The orca (Orcinus Orca) is easily the most recognisable of all cetaceans (whales, dolphins and porpoises) in the world. Its striking black and white colouration has captured the hearts of many, both young and old, over recent decades.
The orca is widely distributed throughout the world’s oceans. In the Pacific Ocean, the orca is an important natural symbol for the people of British Colombia. It is here that two harmonious populations with differing diets live. These populations consist of the transient orcas that are mostly marine mammal eating and the resident population which feed on fish. Over in the Atlantic Ocean the orca is less numerous and only a small resident population is found in industrialized regions of Europe around the Mediterranean Sea. This resident population is primarily tuna-feeding. Also, a small group of marine mammal eating orca is regularly seen around western Ireland and North West Scotland. These four populations of orca are all heavily monitored for research purposes.
However, in a recent paper in Nature Communications it has been proposed that these populations are under threat from an almost silent enemy, PCB pollution.
What is PCB?
Polychlorinated biphenyls (PCBs) are a major toxic industrial chemical that was produced during the twentieth century. PCB is well known for its environmental toxicity and its classification as a persistent organic pollutant. It was in the 1960s that PCBs where first identified as a problem. They were then subsequently banned in America in 1979 and in Europe in 1981. More recently they were banned by the Stockholm Convention on Persistent Organic Pollutants in 2001.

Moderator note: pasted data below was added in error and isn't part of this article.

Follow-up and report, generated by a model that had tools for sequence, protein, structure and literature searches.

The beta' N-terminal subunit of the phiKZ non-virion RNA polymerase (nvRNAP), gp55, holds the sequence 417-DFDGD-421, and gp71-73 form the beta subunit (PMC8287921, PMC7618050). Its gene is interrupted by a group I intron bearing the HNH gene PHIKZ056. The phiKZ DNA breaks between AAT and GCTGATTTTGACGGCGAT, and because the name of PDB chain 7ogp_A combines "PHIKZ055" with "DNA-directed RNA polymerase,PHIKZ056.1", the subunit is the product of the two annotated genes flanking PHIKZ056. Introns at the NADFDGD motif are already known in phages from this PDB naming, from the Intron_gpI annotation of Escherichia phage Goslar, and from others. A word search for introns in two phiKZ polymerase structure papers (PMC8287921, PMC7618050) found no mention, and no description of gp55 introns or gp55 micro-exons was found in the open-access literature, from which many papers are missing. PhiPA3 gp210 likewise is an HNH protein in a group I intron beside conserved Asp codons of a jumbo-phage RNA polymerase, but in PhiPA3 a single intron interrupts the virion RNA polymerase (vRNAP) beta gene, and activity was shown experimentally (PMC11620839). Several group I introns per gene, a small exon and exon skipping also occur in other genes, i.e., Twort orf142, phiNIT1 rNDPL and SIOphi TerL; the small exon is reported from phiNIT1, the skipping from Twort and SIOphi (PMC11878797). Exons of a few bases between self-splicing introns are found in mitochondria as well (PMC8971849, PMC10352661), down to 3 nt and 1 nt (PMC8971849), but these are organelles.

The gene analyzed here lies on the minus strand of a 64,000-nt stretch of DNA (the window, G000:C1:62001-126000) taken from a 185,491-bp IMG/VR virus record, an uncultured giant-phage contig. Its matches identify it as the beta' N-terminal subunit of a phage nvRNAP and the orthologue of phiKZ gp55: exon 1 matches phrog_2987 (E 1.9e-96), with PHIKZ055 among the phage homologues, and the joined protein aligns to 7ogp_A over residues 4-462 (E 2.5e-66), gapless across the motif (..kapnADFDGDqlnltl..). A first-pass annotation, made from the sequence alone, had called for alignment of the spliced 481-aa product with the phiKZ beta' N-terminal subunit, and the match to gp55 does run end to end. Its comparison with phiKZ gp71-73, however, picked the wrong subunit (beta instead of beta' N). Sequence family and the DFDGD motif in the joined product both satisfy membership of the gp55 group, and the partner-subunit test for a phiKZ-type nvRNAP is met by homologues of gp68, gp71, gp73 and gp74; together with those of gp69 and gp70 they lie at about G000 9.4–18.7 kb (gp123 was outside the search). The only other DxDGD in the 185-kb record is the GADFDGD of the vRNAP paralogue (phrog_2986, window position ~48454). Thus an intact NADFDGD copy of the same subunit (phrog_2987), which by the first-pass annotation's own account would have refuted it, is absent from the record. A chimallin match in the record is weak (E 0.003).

PCB is known to have numerous effects on humans including being carcinogenic. Not only can PCBs and other persistent toxins affect humans but they are having increasing and lasting effects on other organisms, especially those that are top predators in marine food chains.
Marine mammals that inhabit coastal waters of Europe, the Mediterranean Sea and the waters around Vancouver Island have been found to be highly contaminated with not only PCBs but also other toxic pollutants like dichlorodiphenyltrichloroethane (DDT). These chemicals accumulate in the fatty tissues of these animals.
The evidence is increasingly supportive that the increased concentration of PCBs in the ocean is leading to an increase in abnormalities seen in numerous marine species. Such abnormalities include: skeletal deformities, hormone disruption, immunotoxicity, and reproductive failure.
One majestic marine organism that is feeling the increasing effects of PCB in the world’s oceans in very different ways is the orca.
Effects of PCBs